These lakes may look like they are full of bizarre floating sea creatures, but they are actually filled with thousands of frozen bubbles.
Snapped across Banff National Park in Alberta, Canada, the natural wonders are made of highly flammable gas methane.
The gas - emitted by bacteria after they consume dead organic matter - is fairly harmless, but these bubbles can cause an explosion if lit.
Paul Zizka, 35, tracked down the natural phenomenon, which he photographed at Lake Minnewanka, the Vermillion Lake and Abraham Lake.
Abraham Lake is the most commonly-photographed spot for the spectacular sight.
But adventure-loving Mr Zizka, who loves to explore, revealed Lake Minnewanka offers rival views - but is just a little trickier to get to.
He said: 'All three lakes are ever-changing, cover wide areas and provide endless possibilities for the keen landscape photographer. They are magical places to explore and I find myself returning to them often. The methane bubbles depicted in the photographs have generated a lot of buzz primarily on social media. Many people have never seen the phenomenon before. People marveled at the beauty of them and wondered what they really were.'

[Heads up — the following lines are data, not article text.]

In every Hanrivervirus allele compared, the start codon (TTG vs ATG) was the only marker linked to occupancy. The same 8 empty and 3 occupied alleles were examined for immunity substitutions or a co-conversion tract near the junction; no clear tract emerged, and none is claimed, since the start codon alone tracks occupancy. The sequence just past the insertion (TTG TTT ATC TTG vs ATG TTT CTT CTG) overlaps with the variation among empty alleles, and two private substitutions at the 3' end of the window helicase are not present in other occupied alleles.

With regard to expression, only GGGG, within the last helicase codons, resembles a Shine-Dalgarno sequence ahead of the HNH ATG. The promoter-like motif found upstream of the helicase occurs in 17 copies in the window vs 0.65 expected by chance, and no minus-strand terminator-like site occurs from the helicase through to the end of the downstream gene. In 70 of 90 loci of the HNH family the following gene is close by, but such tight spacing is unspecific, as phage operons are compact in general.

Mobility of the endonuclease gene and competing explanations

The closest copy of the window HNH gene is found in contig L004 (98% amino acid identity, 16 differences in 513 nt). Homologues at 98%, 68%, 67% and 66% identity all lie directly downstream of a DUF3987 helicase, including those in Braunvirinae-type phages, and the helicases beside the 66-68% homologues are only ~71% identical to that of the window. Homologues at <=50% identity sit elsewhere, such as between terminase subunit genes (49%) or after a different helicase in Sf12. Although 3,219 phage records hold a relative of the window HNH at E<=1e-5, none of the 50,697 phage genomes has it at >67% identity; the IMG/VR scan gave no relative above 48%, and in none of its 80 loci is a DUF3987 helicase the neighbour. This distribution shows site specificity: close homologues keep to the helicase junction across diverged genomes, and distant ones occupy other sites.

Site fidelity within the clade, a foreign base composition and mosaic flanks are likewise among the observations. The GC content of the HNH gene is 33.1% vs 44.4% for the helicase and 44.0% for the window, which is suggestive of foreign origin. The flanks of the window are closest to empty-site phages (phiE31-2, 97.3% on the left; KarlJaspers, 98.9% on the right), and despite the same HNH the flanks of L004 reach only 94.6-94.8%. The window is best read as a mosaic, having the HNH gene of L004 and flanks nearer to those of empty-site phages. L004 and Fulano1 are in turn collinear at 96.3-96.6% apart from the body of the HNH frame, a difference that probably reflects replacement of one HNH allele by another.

The strange phenomena is caused when permafrost in the area begins to thaw out.
Organic matter stored in the bottom of the lake begins to thaw out, and microbes decompose it, releasing methane.
Methane does not dissolve into the water, and instead forms bubbles that rise to the surface.
In summer, the methane bubbles simply rise to the surface and pop to enter the atmosphere. However, when the lake is frozen in the winter, the bubbles become trapped on their way to the surface.
In a video, Professor Katey Walter Anthony from the University of Alaska likened it to a 'time-lapse photograph' of methane emissions from the lakes.
It should be noted, however, that the methane bubbles can be dangerous - a molecule of methane is 25 times more potent as a heat-trapping gas than carbon dioxide.
If you were to 'pop' one of the bubbles and hold a match over it, it would ignite.
More images hereThe similarly bizarre 'Ice Pancakes' found in a Scottish river
Unusual pancake shaped ice formations that are more typically seen in Arctic and Antarctic sea ice were found floating on a river in Scotland back in December. The dinner plate-sized ice 'pancakes' have formed on a quiet stretch of the River Dee in Aberdeenshire.
The strange formations were photographed at the Lummels Pool, Birse, near Aboyne, by Jamie Urquhart, a biologist for the River Dee Trust.
The pancakes are thought to have formed from foam created by faster flowing water further upstream, accumulating in a corner of a pool.
Freezing temperatures last week caused the foam to freeze, and the current bashed them into a circular shape.
Normally pancakes form on ocean water or lakes around the Arctic circle where the movement of water keeps the ice from forming a flat sheet.
However, they do occasionally occur on rivers when temperatures drop low enough.
Officials at the Dee River Trust said it is the first time they have seen pancake ice form on the river.